How to turn energy access for all from a dream into reality
It’s a tough ask for developing countries to tackle the climate crisis and to ensure energy for all (UN SDG7), but it can be done. Five panellists, with expertise in the African public and private sectors, shared ideas on achieving these two key goals.
“Climate action is front of mind, because of this month’s UN COP25 talks, but many developing countries still face energy poverty challenges,” said the moderator Shada Islam, Director of Europe & Geopolitics at Friends of Europe. Around 840 million people globally still lack access to electricity. Is there any hope of achieving SDG 7 – of ensuring access to affordable, reliable, sustainable and modern energy for all – by 2030?
“We can tackle climate issues and energy poverty by transitioning the energy sector from fossils fuels to zero-carbon to reduce greenhouse gas emissions,” replied Carla Montesi, Director for Planet and Prosperity at the European Commission Directorate-General for International Cooperation and Development (DG DEVCO) . In her view, this is a great opportunity to achieve SDG7 – and several other SDGs, while meeting the EU’s mid-century climate action goals. Yet it will require an integrated approach, including reforms to governance and regulatory frameworks.
Africa Energy Outlook 2019
There was also optimism from Stéphanie Bouckaert, Senior energy Analyst and Co-Lead of Africa Outlook at the International Energy Agency (IEA): “Our new report concluded there is big potential growth for African energy demand.” This growth should stem from a soaring population by 2040, plus rapid urbanisation and industrialisation – all driving Africa’s need for more energy and unlocking economic growth.
The IEA report says this growth will be fuelled by renewable energies, energy efficiency, and natural gas. If African governments focus on these three areas, there is every chance the continent will achieve Agenda 2063 development plans as well as SDG 7, added Bouckaert.
Renewables were often highlighted, especially solar energy, which has enormous potential in the continent’s sunny skies. But Africa has only 5 GW installed solar capacity, little more than Belgium. Its other renewables, like wind and hydro, are under-developed too. Panellists also lamented Africa’s lack of electricity transmission and distribution capacity. This is an area the EU has addressed, investing €3bn in African energy projects since 2012. Further investment is expected under the EU’s new Green Deal and a European Commission committed to more support for Africa’s climate action, environment and biodiversity.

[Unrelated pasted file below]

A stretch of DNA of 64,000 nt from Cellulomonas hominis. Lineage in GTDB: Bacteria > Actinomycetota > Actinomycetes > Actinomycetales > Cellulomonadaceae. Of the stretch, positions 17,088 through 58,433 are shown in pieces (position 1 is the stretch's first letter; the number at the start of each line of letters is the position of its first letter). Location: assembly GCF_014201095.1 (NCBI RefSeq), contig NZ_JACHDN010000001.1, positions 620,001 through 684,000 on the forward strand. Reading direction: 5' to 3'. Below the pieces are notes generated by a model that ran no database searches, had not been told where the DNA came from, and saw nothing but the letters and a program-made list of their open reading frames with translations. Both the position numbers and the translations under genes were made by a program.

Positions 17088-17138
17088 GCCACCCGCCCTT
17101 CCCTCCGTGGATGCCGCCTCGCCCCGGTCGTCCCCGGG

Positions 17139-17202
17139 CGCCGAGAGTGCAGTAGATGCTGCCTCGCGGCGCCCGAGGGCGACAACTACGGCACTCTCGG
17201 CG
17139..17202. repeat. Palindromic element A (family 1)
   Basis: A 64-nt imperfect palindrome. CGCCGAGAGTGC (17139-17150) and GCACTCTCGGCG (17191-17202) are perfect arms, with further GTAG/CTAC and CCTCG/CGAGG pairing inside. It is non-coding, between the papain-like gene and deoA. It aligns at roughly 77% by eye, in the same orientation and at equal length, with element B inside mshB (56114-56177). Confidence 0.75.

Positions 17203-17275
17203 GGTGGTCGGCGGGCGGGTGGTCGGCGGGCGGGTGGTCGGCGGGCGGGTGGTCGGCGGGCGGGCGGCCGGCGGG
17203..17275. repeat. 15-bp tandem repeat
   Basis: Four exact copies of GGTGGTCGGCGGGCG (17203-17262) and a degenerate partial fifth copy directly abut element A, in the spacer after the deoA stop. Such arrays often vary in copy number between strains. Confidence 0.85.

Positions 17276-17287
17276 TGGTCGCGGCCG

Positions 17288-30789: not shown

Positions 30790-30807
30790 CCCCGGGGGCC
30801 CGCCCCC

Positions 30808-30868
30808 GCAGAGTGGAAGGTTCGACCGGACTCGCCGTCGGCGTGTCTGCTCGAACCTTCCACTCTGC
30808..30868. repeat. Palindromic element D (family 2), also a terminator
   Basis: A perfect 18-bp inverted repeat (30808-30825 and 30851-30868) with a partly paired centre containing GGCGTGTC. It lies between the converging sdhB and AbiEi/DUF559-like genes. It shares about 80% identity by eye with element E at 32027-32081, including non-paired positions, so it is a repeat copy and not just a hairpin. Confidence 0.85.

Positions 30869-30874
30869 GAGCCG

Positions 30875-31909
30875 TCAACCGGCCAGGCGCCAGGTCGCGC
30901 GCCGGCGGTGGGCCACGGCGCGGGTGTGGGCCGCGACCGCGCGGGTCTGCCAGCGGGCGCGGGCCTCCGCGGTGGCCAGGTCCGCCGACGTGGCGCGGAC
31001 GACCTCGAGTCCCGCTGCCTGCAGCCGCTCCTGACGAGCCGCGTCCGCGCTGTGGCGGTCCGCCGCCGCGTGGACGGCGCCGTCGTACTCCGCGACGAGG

Investment is key for Africa and its energy sector, but extra funds won’t suffice. According to Michael Franz, Team Leader of GET.Invest (a European programme that mobilises investments in decentralised renewable energy projects), “Early stage money is really helpful for projects. We must also create the right conditions for business, including sound regulation, so money will flow into investments.” There is no lack of money available, but international donors and lenders should also fund smaller projects, not just big infrastructure. Further investment solutions could include diaspora entrepreneurs and innovative funding, such as the European Investment Bank’s new energy lending policy, concentrated on clean energy.
“€2bn a year flows into South Sudan, but there’s no money for renewables and little government interest in it,” said Peter Sam Mutoredzanwa, UNOPS Country Director for the country. The best way to support energy there is direct help for local communities, in partnership with private companies, though this is tricky in war-torn South Sudan. Nevertheless, he reckoned only “dreamers” think SDG 7 can be achieved there by 2030.
Public-private partnerships were widely recommended for Africa’s energy development, alongside clean cooking solutions. Today 900 million Africans rely on stoves that burn wood, charcoal or dung. “They’re harmful to human health and the environment. We advocate cleaner cooking, such as with natural gas, and assisting the transport sector to be energy efficient and use more renewable energy,” said Luca Giansanti, Senior Vice-President and Head of Government Affairs of Eni.
Download also our ‘Energy for development: Ten years left to achieve SDG7’, available here.
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This event is part of our Development Policy Forum (DPF), which brings together a number of important development actors, including the Deutsche Gesellschaft für Internationale Zusammenarbeit (GIZ), the Japan International Cooperation Agency (JICA), the European Investment Bank (EIB), the United Nations and the World Bank. Reflecting the growing role of the private sector in development, the DPF has now welcomed Coca-Cola and Eni to the forum. The DPF contributes to the global and European conversation on inclusive development. Through its activities and publications, the DPF reflects the rapidly-changing global debate on growth and development and seeks to encourage a multi-stakeholdered, fresh, up-to-date thinking on the multiple challenges facing the development community.
- UNOPS’s Under-Secretary-General and Executive Director Grete Faremo’s insight: The public wants climate action, private-public partnerships can give it to them.
- BURN Manufacturing’s CEO and Founder Peter Scott’s insight on How clean cooking stoves could save millions of lives.
- JICA’s Director of the Energy and Mining Group Susumu Yuzurio’s insight on the Challenges for international cooperation in the Asian power sector.